There are different ways to classify the types of Abdominal Aortic Aneurysm (AAA).
1. By shape
- Fusiform AAA: This is the most common type of AAA, accounting for around 80-90% of cases. The prevalence of fusiform AAA is higher in men than in women, and it increases with age.
- Saccular AAA: This is a less common type of AAA, accounting for around 10-20% of cases. Saccular AAA tends to occur more frequently in women and younger patients, and it has a higher risk of rupture compared to fusiform AAA.
2. By location:
- Infrarenal AAA: This is the most common location for AAA, accounting for around 95% of cases. The incidence of infrarenal AAA increases with age and is more common in men than in women.
- Juxtarenal AAA: This type of AAA accounts for around 2-5% of cases. Juxtarenal AAA tends to occur more frequently in women and is associated with a higher risk of rupture compared to infrarenal AAA.
- Suprarenal AAA: This type of AAA is rare, accounting for less than 1% of cases. Suprarenal AAA tends to occur in women and is associated with a high risk of rupture and mortality.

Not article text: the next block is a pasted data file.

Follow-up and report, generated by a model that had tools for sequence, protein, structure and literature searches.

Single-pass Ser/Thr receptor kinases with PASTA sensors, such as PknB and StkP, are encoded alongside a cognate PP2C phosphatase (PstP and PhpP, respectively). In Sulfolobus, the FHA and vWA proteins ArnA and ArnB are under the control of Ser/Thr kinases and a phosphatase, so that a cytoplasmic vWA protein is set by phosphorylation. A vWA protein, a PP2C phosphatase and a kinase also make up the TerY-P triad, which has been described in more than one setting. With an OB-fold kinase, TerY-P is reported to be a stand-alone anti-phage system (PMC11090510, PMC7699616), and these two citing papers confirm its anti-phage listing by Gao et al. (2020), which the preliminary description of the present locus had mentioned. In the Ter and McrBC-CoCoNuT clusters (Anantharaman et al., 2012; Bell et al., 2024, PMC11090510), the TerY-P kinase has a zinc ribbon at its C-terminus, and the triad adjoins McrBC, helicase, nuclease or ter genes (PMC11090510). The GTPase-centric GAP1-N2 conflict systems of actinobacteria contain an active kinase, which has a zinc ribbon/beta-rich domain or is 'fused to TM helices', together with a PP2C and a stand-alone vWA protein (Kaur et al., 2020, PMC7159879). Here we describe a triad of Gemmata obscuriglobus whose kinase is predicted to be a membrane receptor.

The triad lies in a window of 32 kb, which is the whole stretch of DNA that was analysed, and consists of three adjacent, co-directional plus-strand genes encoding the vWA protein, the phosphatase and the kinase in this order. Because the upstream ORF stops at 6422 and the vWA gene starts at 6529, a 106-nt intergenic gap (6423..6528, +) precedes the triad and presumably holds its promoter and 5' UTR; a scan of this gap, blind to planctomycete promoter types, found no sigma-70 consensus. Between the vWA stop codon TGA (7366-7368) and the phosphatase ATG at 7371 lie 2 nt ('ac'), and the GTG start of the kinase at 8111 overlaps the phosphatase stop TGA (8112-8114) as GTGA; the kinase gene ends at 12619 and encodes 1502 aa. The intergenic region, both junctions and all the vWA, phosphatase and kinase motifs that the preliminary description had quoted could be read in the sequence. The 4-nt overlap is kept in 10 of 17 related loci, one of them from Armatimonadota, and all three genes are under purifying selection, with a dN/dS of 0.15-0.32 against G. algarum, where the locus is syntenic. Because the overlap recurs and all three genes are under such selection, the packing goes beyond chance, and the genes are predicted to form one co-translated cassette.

3. By size:
- Small AAA: This refers to an AAA with a diameter of less than 5.5 cm. Small AAAs tend to grow slowly and have a lower risk of rupture, but they still require monitoring.
- Large AAA: This refers to an AAA with a diameter of 5.5 cm or greater. Large AAAs tend to grow more rapidly and have a higher risk of rupture and mortality.
4. By symptoms:
- Symptomatic AAA: This refers to an AAA that causes symptoms such as abdominal pain, back pain, or tenderness. Symptomatic AAAs tend to be associated with a higher risk of rupture and require urgent treatment.
- Asymptomatic AAA: This refers to an AAA that does not cause any symptoms. Asymptomatic AAAs are typically discovered incidentally during imaging tests performed for other reasons.